Saturday, April 9, 2011

Dee Perez-Scott: Radical Islam really is that Bad

When Salman Taseer, the governor of the Pakistani province of Punjab, was murdered by his own bodyguard, there was a wave of support for the murderer – from religious figures and ordinary citizens, from several political parties, and even from a group of lawyers. The reason? Taseer had spoken out against Pakistan’s blasphemy laws and in support of Asia Bibi, a Christian woman sentenced to death for allegedly insulting the Prophet Muhammad. Such harrowing stories cannot be ignored in the discussion of Islam and religious tolerance. Last year, the controversy over the so-called ground zero mosque turned into a debate about Islam and “Islamophobia.” There is no question that some rhetoric is that debate crossed the line into anti-Muslim bigotry. But to many in the pro-mosque camp argued as if violent extremism in Islam today is a fringe phenomenon.

Recent events in Pakistan remind us that is simply not the case. The videos below illustrate another aspect of Islamic intolerance.

There is not a single majority Christian nation today that executes or imprisons people for religious crimes like blasphemy or apostasy. Islam is still in the middle ages in that regard and there is not much hope it will ever reach the 21st century standard of human decency on religious crimes.

Several leading majority-Muslim countries, including Iran, Saudi Arabia, and Afghanistan punish these offenses with death. An otherwise modern country, Iran remains in the dark ages when it comes to blasphemy, apostasy and other crimes. The Asia Bibi case is a frightening example of the precarious position of religious minorities under these laws. Bibi, a rural laborer, was asked to bring water to a group of other women with who she was working in the fields. Some of the workers refused to drink the water because it had been touched by an “unclean” Christian. Bibi got into an argument with them and defended her faith – and was reported for blaspheming against Muhammad. The mother of five was sentenced to death after a trial in which she had no access to a lawyer. Leading Pakistani clerics have urged President Zardari to reject her clemency petition.

Even in some Muslim countries where such barbaric punishments do not exist, the acts have the support of depressingly vast portions of the public. In Egypt and Jordan, recent polls have shown, over 85 percent of the population supports capital punishment for anyone who converts from Islam to another faith. Many Islamic scholars, including some reputed “moderates” such as Yusuf al-Qaradawi continue to defend the death penalty for apostasy.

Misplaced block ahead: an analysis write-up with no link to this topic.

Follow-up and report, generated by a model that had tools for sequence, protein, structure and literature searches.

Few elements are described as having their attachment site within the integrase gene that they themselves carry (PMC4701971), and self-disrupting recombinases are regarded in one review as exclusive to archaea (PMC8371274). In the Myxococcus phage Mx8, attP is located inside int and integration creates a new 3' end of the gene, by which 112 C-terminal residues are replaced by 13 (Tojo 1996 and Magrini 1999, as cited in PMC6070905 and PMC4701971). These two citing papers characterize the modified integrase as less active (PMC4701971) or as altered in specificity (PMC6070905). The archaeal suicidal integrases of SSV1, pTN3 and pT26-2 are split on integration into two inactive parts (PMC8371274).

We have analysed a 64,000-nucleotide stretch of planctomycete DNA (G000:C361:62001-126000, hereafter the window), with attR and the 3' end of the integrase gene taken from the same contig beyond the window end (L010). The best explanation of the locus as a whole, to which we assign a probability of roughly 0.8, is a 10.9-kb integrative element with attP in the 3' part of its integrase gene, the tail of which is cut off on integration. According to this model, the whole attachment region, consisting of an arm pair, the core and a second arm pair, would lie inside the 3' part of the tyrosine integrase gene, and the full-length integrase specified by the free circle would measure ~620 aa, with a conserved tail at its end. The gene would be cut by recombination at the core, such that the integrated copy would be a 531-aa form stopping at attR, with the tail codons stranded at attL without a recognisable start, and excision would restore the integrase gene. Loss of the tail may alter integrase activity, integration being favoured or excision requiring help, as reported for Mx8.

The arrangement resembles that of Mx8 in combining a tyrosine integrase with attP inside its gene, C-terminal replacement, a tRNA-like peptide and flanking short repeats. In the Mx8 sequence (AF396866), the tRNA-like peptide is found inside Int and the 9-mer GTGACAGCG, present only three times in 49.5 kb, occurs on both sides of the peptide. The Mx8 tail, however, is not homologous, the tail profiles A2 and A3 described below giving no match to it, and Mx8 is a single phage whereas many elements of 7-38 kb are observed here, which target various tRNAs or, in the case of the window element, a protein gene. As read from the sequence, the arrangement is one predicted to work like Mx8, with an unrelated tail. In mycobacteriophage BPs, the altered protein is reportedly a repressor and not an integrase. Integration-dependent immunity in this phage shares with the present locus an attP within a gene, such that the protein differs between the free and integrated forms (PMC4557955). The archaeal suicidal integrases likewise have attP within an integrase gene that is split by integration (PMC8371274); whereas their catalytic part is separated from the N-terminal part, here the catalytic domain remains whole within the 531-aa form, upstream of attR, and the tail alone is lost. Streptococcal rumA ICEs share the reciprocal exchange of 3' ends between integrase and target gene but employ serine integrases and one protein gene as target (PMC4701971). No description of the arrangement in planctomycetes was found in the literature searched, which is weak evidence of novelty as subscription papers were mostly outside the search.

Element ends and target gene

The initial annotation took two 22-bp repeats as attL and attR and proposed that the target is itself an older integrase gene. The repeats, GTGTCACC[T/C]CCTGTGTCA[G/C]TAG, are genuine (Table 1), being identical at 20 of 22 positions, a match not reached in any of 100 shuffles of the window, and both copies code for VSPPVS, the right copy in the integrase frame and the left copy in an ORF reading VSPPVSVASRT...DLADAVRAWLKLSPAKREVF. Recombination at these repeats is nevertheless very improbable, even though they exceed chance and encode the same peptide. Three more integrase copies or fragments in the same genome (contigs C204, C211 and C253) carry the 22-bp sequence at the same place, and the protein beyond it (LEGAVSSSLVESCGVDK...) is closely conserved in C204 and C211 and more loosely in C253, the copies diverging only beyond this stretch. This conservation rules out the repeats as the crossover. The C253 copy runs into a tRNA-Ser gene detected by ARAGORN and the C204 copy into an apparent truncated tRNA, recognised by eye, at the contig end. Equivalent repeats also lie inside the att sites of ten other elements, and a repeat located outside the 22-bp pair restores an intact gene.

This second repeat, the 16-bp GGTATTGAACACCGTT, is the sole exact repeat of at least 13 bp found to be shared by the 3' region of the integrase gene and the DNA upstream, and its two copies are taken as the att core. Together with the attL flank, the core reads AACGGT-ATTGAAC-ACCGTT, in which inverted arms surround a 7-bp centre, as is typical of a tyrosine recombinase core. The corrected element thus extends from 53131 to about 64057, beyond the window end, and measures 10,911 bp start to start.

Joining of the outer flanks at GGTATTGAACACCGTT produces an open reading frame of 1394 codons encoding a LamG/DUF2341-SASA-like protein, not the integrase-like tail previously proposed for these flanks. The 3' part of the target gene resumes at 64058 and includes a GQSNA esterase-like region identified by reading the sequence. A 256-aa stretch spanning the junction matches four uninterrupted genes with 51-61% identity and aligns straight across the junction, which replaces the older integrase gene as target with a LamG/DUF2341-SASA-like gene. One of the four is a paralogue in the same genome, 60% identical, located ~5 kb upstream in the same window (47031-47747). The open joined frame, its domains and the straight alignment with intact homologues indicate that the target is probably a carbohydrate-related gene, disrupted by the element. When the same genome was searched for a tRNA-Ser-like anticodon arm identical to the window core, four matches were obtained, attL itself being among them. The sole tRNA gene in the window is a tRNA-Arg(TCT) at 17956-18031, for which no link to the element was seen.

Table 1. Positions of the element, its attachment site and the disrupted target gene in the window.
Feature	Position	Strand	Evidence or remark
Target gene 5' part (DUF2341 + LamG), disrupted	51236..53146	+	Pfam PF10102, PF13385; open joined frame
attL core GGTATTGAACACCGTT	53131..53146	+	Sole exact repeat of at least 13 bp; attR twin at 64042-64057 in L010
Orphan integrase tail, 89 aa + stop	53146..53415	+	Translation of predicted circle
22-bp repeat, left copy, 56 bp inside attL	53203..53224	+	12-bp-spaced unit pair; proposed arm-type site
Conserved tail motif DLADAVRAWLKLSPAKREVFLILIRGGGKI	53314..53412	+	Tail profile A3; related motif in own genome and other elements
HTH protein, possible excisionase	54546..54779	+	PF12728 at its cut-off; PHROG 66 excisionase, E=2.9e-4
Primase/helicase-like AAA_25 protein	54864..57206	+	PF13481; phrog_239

Even in modernized Malaysia and Indonesia, where the law guarantees religious freedom and equality and which have been touted by many as models of equal and peaceful coexistence between religions in majority-Muslim states, the picture is not as sunny as is often claimed. In practice Sharia courts have the power to place virtually insurmountable obstacles in the path of Muslims who want to convert to another faith or marry a non-Muslim.

Of course, modern Islam is not monolithic. There are a few Muslim who have condemned and stood up against terrorism. But their sotto voce utterances have had no impact in the larger picture. As long as murderous bigotry remains common in the Muslim world, opposing anti-Muslim bigotry in the West will be a difficult and graceless task. As long as Muslims attack Jews and rape Swedish girls in Malmő, Sweden and shut down traffic in Paris and New York, they are unlikely to be perceived as moderates. For change to take place, the problems of the present must be recognized and honestly confronted.

The United Nations has failed miserably to establish appropriate human rights criteria for membership in that body. The U.S. has continued to provide foreign aid to countries that never support us in the U.N., that are clearly not our friends, and some of which still indulge in the abhorrent practice described above. U.S. foreign aid should be cut off immediately until these countries change their behavior and until they eliminate punishment for blasphemy and apostasy and other behaviors that are not punished in the West.
Newsmax, -- Cathy Young
For change to take place, the problems of the present must be recognized and honestly confronted.

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